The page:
Minister for Justice Helen McEntee said new laws on stalking and non-fatal strangulation will “hopefully” be enacted by the end of the year.
Speaking at a Shared Island Dialogue event on Friday on measures to tackle gender-based violence and abuse, Ms McEntee said it is hoped the maximum sentence for assault causing harm – “which is the most common criminal offence associated with domestic violence” – will also be increased before the end of the year,
“Ending gender-based violence falls very much squarely within the vision of the commitment of the [Belfast] agreement, which was wholeheartedly supported north and south of the Border,” she said.
Ms Long said there was a need to deliver a “sea change” in how women are treated on the island
“While the detail of the policy and the approach in the jurisdictions may differ, there is a lot actually where it is very much the same.”
Ms McEntee outlined measures the Government has taken seeking to end domestic and gender-based violence, such as having special judges to deal with domestic and sexual violence.
“And it’s beyond that. It’s bringing forward legislation in the next few weeks on a new family court bill, a new family court structure and the supports that are required there. There are a lot of actions in the plan that are already progressing.”
Speaking at the same event, outgoing Stormont justice minister Naomi Long likened Northern Ireland to a rudderless ship in choppy waters.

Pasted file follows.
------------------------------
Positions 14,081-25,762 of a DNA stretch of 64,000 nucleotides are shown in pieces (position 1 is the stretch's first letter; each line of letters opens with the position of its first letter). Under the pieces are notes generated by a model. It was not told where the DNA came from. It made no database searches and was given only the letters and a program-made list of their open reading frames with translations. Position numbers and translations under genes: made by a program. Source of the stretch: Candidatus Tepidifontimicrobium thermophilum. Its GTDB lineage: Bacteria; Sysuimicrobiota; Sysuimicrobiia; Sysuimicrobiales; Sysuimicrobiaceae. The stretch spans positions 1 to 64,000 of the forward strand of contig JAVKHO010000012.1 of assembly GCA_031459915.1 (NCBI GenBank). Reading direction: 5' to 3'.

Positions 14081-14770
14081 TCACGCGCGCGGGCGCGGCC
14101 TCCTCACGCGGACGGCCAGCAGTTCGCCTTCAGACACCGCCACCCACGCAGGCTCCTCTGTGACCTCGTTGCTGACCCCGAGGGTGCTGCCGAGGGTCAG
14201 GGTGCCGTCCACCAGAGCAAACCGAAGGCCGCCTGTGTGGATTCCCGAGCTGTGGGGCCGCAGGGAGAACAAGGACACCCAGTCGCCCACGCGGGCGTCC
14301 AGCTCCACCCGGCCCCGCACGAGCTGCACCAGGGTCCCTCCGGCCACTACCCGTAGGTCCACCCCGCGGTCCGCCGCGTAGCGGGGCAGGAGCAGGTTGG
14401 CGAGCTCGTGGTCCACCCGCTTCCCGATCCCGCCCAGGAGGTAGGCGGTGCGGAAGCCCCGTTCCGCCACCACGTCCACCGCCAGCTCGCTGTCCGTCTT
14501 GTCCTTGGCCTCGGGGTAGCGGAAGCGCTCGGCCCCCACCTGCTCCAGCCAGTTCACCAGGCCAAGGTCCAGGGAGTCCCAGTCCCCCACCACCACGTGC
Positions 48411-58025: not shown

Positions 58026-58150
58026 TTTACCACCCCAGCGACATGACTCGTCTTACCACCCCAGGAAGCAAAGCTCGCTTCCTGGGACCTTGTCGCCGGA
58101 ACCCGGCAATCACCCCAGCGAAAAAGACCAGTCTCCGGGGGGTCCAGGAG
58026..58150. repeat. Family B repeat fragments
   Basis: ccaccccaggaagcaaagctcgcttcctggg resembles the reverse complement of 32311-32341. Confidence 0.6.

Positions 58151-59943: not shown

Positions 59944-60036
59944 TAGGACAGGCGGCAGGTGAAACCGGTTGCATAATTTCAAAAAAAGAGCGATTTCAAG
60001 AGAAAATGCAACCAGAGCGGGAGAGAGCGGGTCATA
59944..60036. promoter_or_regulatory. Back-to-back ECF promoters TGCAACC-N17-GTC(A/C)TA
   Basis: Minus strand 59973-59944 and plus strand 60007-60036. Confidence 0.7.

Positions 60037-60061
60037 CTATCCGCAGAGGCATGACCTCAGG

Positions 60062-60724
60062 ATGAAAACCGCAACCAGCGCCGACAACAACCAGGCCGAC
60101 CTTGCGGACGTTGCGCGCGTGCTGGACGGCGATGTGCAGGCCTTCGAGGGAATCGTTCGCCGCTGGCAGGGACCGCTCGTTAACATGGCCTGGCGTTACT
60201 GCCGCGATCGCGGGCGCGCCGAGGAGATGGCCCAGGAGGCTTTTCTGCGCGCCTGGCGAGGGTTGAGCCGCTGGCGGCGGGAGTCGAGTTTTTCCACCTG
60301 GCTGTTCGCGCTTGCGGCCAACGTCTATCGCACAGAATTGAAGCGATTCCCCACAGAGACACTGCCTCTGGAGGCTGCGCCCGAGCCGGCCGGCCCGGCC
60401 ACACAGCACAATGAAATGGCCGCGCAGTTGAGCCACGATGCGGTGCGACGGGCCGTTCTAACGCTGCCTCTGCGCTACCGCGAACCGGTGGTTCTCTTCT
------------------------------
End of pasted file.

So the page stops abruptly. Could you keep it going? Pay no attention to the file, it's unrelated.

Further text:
Ms Long, leader of the Alliance Party, said she regretted she was no longer able to speak in her capacity as justice minister. “You’ll be aware that as of last Thursday night, I am no longer minister. In fact, we are ministerless; something of a rudderless ship in what are extremely choppy waters,” she said.
After a last-ditch attempt to restore the Stormont Assembly failed last week, a new election is due to take place no later than January 20th. Secretary of State for Northern Ireland Chris Heaton-Harris confirmed on Friday that no election will take place before Christmas.
Ms Long said there was a need to deliver a sea change in how women are treated on the island. “We have to have a zero-tolerance approach to abuse, misogyny, and the entitlement culture that exists in many places,” she said.
The issue of gender-based violence was a priority for her during her time as minister for justice, she said.
“I was conscious that our laws and practice in that area had fallen far behind most other jurisdictions. That made it harder for the justice system to be able to prosecute cases, but also eroded confidence in the justice system for victims,” she said.
Ms Long said there is a real cost to the political hiatus in the North.
“The stopping domestic and sexual violence and abuse strategy is a cross-executive strategy. It cannot be finalised without an executive. There is an urgency in this,” she said.